Cassim has shown collaterality. The Secretary concedes that Cassim's due process claim is collateral to his request for benefits. See Ram v. Heckler, 792 F.2d 444, 446 (4th Cir. 1986); accord Koerpel v. Heckler, 797 F.2d 858, 862 (10th Cir. 1986). The Secretary argues, however, that Cassim's due process claim is not colorable. A claim is colorable if it is not "wholly insubstantial, immaterial, or frivolous." Boettcher v. Secretary of Health and Human Services, 759 F.2d 719, 722 (9th Cir. 1985). Cassim raises a serious constitutional challenge. It is not insubstantial, immaterial, or frivolous.
Moreover, Cassim has demonstrated irreparability. The Secretary all but concedes that expulsion and publication would irreparably injure Cassim. See Koerpel, 797 F.2d at 862 (doctor's "reputation could be irreparably damaged in a way that could not be remedied by subsequent administrative appeals"). Finally, Cassim has established futility. Requiring him to exhaust administrative remedies would not serve the policies underlying exhaustion. Given the constitutional nature of his challenge, "there was nothing to be gained from permitting the compilation of a detailed factual record, or from agency expertise." City of New York, 106 S. Ct. at 2032. We conclude that Cassim fulfilled the jurisdictional requirements of section 405(g).
A party seeking a preliminary injunction must fulfill one of two standards, described in this circuit as "traditional" and "alternative." American Motorcyclist Ass'n v. Watt, 714 F.2d 962, 965 (9th Cir. 1983). Under the traditional standard, a court may issue preliminary relief if it finds that (1) the moving party will suffer irreparable injury if the relief is denied; (2) the moving party will probably prevail on the merits; (3) the balance of potential harm favors the moving party; and (4) the public interest favors granting relief. Martin v. International Olympic Committee, 740 F.2d 670, 674-75 (9th Cir. 1984) (citing William Inglis & Sons Baking Co. v. ITT Continental Baking Co., 526 F.2d 86, 87 (9th Cir. 1975)). Under the alternative standard, the moving party may meet its burden by demonstrating either (1) a combination of probable success and the possibility of irreparable injury or (2) that serious questions are raised and the balance of hardships tips sharply in its favor. Benda v. Grand Lodge of IAM, 584 F.2d 308, 314-15 (9th Cir. 1978), cert. dismissed, 441 U.S. 937, 99 S. Ct. 2065, 60 L. Ed. 2d 667 (1979).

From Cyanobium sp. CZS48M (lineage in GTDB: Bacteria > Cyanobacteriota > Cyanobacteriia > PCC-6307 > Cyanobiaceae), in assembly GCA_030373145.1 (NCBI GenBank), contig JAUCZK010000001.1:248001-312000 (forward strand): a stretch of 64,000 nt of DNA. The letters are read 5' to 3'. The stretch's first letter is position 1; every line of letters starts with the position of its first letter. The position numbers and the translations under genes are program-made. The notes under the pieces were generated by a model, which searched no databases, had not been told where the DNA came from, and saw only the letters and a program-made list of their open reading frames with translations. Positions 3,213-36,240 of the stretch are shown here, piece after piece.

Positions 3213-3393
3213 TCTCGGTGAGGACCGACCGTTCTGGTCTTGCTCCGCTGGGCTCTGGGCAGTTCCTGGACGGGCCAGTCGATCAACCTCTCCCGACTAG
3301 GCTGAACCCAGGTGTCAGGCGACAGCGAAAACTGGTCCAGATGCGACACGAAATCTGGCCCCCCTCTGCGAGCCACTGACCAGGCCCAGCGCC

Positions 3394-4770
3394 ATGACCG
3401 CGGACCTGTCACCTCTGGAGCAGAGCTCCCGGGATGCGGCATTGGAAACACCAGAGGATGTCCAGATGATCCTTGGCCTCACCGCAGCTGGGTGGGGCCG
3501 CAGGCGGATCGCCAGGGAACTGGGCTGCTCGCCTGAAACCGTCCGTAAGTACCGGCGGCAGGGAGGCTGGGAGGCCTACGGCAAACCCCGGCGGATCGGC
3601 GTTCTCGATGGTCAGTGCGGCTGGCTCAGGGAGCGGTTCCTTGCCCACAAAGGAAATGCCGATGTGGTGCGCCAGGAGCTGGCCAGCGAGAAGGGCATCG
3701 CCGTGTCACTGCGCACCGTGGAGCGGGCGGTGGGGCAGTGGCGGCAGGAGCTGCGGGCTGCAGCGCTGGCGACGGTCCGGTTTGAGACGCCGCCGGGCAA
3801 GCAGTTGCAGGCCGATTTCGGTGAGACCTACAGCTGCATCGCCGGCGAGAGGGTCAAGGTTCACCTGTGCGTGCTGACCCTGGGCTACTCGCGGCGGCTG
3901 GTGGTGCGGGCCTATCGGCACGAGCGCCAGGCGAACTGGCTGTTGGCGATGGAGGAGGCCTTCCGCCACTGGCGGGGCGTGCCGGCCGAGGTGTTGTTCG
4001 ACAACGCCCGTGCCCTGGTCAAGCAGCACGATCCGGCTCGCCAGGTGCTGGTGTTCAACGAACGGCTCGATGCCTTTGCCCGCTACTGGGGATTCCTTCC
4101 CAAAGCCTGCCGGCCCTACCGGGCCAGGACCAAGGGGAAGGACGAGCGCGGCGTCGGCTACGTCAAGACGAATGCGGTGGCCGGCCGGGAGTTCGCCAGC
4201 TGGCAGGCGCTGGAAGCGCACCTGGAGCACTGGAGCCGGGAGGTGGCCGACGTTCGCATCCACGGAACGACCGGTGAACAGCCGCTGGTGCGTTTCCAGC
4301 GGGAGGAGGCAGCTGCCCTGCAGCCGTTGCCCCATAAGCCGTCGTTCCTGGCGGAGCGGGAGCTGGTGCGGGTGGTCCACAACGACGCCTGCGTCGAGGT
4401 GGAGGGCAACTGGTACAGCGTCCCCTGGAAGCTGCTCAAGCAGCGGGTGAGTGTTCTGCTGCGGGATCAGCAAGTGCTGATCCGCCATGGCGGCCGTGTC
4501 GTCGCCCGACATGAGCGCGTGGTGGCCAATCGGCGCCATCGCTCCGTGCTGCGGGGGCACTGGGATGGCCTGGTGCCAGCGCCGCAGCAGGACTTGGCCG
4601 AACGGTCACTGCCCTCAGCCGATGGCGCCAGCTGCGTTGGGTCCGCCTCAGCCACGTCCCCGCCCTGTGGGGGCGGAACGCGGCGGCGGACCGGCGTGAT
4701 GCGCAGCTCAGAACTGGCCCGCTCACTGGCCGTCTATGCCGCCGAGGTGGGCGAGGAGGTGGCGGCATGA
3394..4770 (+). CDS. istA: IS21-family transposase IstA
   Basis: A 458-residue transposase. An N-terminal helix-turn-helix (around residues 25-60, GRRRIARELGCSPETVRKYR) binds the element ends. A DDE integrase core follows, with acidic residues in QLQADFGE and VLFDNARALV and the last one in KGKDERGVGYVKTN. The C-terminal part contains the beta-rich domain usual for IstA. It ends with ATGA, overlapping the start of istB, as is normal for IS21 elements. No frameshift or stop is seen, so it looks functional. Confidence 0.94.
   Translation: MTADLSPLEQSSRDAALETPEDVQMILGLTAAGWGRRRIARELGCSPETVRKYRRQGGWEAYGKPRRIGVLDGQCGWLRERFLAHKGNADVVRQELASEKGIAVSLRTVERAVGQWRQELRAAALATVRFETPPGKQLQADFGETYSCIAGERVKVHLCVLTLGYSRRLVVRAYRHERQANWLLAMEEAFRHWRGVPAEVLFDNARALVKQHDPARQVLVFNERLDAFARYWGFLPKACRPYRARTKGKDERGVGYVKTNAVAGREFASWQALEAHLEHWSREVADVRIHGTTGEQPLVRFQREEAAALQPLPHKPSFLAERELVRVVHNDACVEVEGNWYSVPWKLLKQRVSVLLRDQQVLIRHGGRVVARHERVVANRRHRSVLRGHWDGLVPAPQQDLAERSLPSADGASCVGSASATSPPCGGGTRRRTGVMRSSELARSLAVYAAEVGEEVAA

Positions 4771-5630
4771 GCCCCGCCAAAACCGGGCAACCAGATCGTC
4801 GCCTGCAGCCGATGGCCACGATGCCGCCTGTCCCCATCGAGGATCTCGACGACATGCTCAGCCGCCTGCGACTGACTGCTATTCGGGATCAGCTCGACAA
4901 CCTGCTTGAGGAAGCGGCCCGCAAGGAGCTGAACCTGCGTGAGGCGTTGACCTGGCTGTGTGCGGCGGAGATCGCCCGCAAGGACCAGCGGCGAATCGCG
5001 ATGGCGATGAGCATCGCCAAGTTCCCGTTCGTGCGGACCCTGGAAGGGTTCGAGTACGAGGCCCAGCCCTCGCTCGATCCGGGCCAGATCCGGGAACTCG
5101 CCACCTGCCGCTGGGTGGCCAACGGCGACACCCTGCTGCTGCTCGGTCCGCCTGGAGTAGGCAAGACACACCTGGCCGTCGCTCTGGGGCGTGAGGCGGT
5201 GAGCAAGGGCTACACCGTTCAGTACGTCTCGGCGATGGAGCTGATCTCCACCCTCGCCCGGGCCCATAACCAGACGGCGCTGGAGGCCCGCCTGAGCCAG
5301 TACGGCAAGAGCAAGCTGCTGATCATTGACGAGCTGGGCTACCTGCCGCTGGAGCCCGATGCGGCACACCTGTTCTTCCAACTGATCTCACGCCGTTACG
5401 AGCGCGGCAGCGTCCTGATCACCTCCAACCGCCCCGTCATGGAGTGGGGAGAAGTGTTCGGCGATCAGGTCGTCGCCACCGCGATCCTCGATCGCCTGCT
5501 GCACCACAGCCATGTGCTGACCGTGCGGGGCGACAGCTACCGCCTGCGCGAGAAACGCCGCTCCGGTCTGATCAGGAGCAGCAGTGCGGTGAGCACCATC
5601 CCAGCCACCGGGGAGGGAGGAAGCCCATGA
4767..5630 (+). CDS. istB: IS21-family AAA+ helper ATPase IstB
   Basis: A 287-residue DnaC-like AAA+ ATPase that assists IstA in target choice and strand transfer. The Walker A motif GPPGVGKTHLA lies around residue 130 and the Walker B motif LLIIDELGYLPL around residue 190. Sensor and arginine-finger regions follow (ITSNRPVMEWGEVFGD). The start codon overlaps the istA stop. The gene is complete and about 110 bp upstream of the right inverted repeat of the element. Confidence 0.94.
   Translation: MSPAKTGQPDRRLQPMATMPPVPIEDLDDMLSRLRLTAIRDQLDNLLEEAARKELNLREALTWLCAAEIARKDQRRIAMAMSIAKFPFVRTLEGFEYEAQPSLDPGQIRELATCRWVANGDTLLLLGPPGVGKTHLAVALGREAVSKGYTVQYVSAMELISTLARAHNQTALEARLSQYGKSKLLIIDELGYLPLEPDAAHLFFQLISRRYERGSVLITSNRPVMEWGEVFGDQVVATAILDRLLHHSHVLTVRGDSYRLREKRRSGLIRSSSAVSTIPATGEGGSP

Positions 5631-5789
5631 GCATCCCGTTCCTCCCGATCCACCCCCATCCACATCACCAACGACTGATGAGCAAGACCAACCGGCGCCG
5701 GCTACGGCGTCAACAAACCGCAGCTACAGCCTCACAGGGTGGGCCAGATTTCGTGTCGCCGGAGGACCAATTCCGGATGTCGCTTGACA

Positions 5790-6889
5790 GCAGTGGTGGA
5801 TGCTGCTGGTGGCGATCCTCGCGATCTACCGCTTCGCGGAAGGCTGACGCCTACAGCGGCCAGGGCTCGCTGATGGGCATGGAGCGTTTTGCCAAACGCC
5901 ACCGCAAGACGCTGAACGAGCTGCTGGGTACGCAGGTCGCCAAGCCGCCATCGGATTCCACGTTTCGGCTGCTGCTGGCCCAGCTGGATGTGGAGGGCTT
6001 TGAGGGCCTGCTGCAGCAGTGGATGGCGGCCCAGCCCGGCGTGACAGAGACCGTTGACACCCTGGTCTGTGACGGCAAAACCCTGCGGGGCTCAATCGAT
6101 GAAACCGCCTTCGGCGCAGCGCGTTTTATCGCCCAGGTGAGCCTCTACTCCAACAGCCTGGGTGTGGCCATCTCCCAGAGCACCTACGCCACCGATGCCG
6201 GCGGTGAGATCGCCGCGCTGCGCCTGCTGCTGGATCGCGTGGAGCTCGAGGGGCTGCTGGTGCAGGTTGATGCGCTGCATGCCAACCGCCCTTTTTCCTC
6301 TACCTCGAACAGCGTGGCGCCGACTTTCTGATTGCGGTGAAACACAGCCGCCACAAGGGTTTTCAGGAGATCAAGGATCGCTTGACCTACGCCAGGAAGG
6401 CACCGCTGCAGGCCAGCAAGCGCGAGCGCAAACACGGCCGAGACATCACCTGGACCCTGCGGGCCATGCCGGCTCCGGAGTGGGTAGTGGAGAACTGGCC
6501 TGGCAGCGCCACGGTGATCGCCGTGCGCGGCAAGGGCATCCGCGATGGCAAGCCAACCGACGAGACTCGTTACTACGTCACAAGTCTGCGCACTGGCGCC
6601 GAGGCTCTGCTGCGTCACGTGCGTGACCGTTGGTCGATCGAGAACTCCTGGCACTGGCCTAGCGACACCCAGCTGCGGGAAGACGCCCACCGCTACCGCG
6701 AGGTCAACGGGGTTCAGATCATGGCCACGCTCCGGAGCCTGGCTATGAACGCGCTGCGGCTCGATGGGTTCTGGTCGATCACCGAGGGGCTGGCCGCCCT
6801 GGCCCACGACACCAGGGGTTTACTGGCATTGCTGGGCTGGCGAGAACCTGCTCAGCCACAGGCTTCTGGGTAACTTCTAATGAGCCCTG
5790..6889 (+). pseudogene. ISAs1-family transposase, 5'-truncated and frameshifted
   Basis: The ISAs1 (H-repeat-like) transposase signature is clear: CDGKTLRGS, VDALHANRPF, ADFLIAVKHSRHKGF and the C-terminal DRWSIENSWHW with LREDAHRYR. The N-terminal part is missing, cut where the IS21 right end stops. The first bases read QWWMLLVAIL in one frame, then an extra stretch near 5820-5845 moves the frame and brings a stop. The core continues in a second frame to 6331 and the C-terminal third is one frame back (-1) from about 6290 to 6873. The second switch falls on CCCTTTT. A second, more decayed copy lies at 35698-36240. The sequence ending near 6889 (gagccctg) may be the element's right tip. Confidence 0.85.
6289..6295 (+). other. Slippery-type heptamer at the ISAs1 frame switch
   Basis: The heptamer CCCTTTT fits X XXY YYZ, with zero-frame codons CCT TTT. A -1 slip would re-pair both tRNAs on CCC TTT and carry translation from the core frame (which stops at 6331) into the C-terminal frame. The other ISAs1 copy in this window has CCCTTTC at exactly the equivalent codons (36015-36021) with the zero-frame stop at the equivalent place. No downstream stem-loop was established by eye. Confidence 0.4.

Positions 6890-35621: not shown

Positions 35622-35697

The district court held that Cassim failed to satisfy either standard. Under the traditional standard, the court found that Cassim had neither established that he would probably prevail on the merits, nor that the balance of potential harm favored him. Under the alternative standard, it ruled that (1) Cassim raised serious questions, but the balance of hardships did not tip sharply in his favor; and (2) Cassim demonstrated the possibility of irreparable injury, but not the probability of success on the merits.
Cassim challenges the district court's analysis under the alternative standard. He contends that the court erred in its calculation of probable success on the merits and in determining the balance of hardships. We will reverse the district court only for an abuse of discretion or for relying on an erroneous legal standard or on clearly erroneous findings of fact. Wilson v. Watt, 703 F.2d 395, 398 (9th Cir. 1983).
Cassim argues that the district court improperly balanced the hardships. First, he emphasizes that his livelihood, reputation, and professional career will be irreparably harmed. He contends the stigma of exclusion and publication could not be removed even if the ALJ completely exonerated him. Second, he asserts that the district court mistakenly believed he threatened the lives or health of his patients. Instead, he claims, OIG accused him of skillfully performing excessive surgery.
We reject Cassim's argument even though we recognize the possibility of irreparable harm created by the Secretary's sanctions. Cassim is simply mistaken in asserting that HHS did not believe he threatened the health of his patients. OIG charged Cassim with doing unnecessary surgery in eight cases culled from a six-month period. In those eight cases, Cassim's patients ranged in age from 66 to 86. In each case, OIG concluded that Cassim had placed his patients in "high risk" situations or in "imminent danger." The Secretary persuasively argues that unnecessary surgery on elderly patients endangers their health.